I’ve known TJ Whalen since 1967 when we were on the pre-commissioning unit for the USS Lapon. We were both Machinist’s Mates second class at the time. He was an auxiliaryman and I was a nuke. At sea we shared the lower level of machinery room #2; he nursed #2 O2 generator and I monitored the water inventories of the steam generators.
In 1968 we were both eligible for rotation to shore duty and also to take the exam for petty officer first class. We conspired, in a low level fashion, to avoid becoming PO1c because that rotation date would extend to near eternity. In order to take the exam one must complete certain course work, demonstrate competency in a standard set of “practical factors”, and submit a request to take the test.
We accomplished none of the above.
We were at sea for a “spec-op” the day the exams were given. I stood the 0000-0600 watch at that time and at 1000 I was comfortably asleep in my deck-level bunky-poo next to the hatch leading to the diesel generator space. The Chief of the Boat (COB) shook me out of my well-earned nap, “C’mon, Pete, time to take the first class test.”
“I don’t have a test. I didn’t submit for one.”
“There’s one with your name on it and the captain says you’re going to take it.”
Yes, our commanding officer was that way. Every man was expected to rise to the next level as quick as he could. My service record has entries that I successfully completed all of the requirements.
I dressed and made my way to the crews mess. Among the other crewmembers sat TJ. He gave me a confused, pleading look.
TJ was always smarter than me. Sometimes it is difficult for people who share a deep fraternal bond to admit a cohort is smarter. I have no problem bowing to TJ.
Three or four months later the results were in. I passed the test and was advanced in the first increment.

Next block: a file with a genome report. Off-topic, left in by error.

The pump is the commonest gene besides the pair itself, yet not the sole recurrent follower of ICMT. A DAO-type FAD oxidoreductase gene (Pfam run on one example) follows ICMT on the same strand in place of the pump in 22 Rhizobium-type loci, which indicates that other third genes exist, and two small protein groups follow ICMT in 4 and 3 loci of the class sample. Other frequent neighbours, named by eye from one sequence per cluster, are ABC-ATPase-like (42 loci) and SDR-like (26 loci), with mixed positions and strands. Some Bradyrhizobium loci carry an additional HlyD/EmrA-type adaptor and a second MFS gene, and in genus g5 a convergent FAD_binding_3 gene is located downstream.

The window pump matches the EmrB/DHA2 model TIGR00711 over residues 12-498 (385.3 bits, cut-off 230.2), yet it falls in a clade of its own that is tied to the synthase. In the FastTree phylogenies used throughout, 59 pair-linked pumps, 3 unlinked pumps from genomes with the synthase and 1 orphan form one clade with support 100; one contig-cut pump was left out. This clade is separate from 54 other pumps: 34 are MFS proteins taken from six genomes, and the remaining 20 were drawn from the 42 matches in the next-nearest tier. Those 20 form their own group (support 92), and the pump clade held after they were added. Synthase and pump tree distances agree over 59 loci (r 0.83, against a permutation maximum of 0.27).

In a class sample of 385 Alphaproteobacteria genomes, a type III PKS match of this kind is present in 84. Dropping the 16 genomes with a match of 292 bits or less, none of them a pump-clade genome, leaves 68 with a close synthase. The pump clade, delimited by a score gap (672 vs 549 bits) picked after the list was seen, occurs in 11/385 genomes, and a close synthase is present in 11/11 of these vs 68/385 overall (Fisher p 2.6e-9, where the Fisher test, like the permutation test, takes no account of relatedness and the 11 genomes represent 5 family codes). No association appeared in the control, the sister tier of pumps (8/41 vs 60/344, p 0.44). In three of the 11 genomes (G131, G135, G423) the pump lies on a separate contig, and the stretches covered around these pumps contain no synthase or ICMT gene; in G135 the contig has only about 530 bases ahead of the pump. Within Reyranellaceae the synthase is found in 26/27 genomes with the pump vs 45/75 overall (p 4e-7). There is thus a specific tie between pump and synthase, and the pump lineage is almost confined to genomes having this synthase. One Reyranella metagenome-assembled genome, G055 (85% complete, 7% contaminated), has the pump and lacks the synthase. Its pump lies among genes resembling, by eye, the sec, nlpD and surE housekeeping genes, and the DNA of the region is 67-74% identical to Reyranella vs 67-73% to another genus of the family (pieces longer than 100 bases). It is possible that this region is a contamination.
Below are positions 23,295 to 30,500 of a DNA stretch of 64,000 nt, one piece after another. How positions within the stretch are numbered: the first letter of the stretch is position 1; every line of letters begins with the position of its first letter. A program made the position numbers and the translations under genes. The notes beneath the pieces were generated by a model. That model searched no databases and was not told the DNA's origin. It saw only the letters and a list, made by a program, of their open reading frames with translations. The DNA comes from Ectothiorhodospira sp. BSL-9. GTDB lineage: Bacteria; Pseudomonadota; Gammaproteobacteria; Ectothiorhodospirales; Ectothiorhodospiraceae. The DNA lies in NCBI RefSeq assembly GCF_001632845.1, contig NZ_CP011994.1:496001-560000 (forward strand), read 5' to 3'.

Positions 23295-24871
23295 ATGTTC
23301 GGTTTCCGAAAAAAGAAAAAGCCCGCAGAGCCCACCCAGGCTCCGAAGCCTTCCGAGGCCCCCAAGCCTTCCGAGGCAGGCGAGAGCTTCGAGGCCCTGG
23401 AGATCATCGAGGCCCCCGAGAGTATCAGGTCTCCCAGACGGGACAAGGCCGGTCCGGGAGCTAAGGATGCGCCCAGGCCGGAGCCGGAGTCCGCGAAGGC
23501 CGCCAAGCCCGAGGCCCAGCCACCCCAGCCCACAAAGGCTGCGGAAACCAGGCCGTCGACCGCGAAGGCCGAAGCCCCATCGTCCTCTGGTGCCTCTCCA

TJ failed the test and soon thereafter was transferred to shore duty in Ravinia, OH, not far from his hometown. As a first class, my rotation didn’t come up for another four years.
Over the years I kept track of TJ and a score of other Lapon sailors. We started having reunions in 2000, so I have seen TJ and his wife at least every two years.
TJ has fought ocular melanoma for fifteen years. His cancer metastasized, in predictable fashion, to his liver. In addition to the initial loss of his right eye he has survived twenty procedures to remove tumors plus various chemical treatments.
Throughout the fight TJ maintained a positive attitude and good spirit. Despite his optimism, those of us close to him have been holding our collective breath. He can’t beat the odds forever.
I got the call from another longtime friend who lives in TJ’s region and the word is the latest treatment didn’t work and caused deleterious side effects. Earlier this year we had discussed going for a visit before he dies. It’s just 900 miles, and I can stay overnight with Jack and Ginny in Columbiana, Ohio.
passions are his wife, music, writing, and dogs. He is grateful his telephone no longer interrupts him to fly off to service clients and he can concentrate on his passions. He and his wife, Lynn, live on two acres in Washington Township, Harrison County, Iowa, with a varying number of permanent resident dogs and rescued Irish Red and White Setters and Gordon Setters. He plays with a variety of local and state-wide bands, which ensures he gets out of the house a few times during the week. He is a U.S. Navy Submarine Force veteran and active with local and national veterans’ organizations.